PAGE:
Small faculty group presses on with Asian Studies idea
Disappointed that they haven’t received stronger support from the University, a core group of four or five faculty is forging ahead to create an area of specialization in Asian Studies that will offer students courses on a broad range of Chinese and other Asian topics, plus a study abroad component.
A number of Arts and Science faculty met with visiting Oregon State University Anthropology Chair and Chinese studies expert John Young last fall to explore how they might set up an Asian Studies program. Young encouraged them.
Key faculty involved in the initiative, Religious Studies & Anthropology Head James Mullens and Assistant Prof. Lorne Holyoak say there’s no doubt there is ample demand from students and sufficient interest from faculty in departments like their own, sociology, political studies, history and others.
And Mullens and Holyoak say the fact that the U of S already hosts hundreds of Chinese visa students, has faculty strength in Asian Studies, and has internationalization as one of the goals of its new Integrated Plan, makes the move a natural one.
Students pursuing Asian Studies could proceed on to careers in international business or the foreign service, Mullens says.
He notes, “People in Saskatchewan don’t realize that we’re a Pacific Rim nation. And one million Canadians have a Chinese background.” China is currently reaching out to partner with the West in business and higher education, and Mullens thinks the U of S is perfectly positioned to do that.
Over the past few years, he, Holyoak and other faculty have been steadily trying to build capacity in Asian Studies. This spring, as they’ve done for the past few years, they will host two visiting Chinese scholars who will teach here for a number of weeks. And they will offer the third annual six-credit-unit combined intersession U of S course May 16-27 and study tour to China May 30-June 27.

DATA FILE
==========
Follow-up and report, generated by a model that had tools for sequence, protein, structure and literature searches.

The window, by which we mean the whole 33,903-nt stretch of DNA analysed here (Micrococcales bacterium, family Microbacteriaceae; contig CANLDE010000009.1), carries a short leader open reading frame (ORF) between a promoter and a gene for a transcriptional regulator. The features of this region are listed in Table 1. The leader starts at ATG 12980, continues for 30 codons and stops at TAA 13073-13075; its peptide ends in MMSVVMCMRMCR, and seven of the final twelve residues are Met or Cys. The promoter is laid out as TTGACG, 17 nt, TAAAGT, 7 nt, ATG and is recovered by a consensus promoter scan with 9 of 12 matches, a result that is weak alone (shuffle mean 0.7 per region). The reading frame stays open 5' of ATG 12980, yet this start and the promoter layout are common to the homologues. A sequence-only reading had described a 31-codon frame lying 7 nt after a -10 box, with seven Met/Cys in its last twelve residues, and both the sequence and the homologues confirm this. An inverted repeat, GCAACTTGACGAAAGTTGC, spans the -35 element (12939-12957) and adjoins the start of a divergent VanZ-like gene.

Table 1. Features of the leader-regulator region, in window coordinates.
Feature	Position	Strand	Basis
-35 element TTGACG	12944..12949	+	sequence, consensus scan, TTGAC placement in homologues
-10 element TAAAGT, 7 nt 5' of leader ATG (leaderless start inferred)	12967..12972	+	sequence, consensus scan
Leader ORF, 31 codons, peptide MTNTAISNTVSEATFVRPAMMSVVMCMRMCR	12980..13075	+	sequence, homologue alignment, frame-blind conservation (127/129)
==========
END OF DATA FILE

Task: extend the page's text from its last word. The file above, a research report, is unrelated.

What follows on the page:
In the College of Arts and Science Integrated Plan for 2003-07 and its Humanities & Fine Arts Division planning documents, the Asian Studies initiative is mentioned favourably in the “Major Initiatives & Commitments” section. Mullens notes that now there is a larger push to create a U of S School of International Studies, and perhaps Asian Studies could fit into that.
College documents note that “four of the five permanent faculty (in Religious Studies and Anthropology) have expertise in Asian Studies” – and Associate Dean Judith Rice Henderson says, “There is some favour for Asian Studies in the College, but we’re not sure what form it may take.”
Mullens says, “Our concern is that it doesn’t slide backwards on the agenda. All the major universities have (Asian Studies).”
Mullens sees a broad range of U of S strengths gaining from increased ties to China through an Asian Studies program, including agriculture, biotechnology, fine art, physics, commerce, education and others.
He, Holyoak and other faculty are doing their best to make sure the idea moves forward. Regardless of lack of support for a formal Asian Studies program, they say they plan to offer a full term abroad in China starting next January. Holyoak says the response of the students on the intersession China study tours has been enthusiastic, and they want more time there and more opportunity to interact with Chinese families – and the term abroad will provide for more in-depth study.
“We’re building all the necessary strength to carry Asian Studies on here,” Mullens says.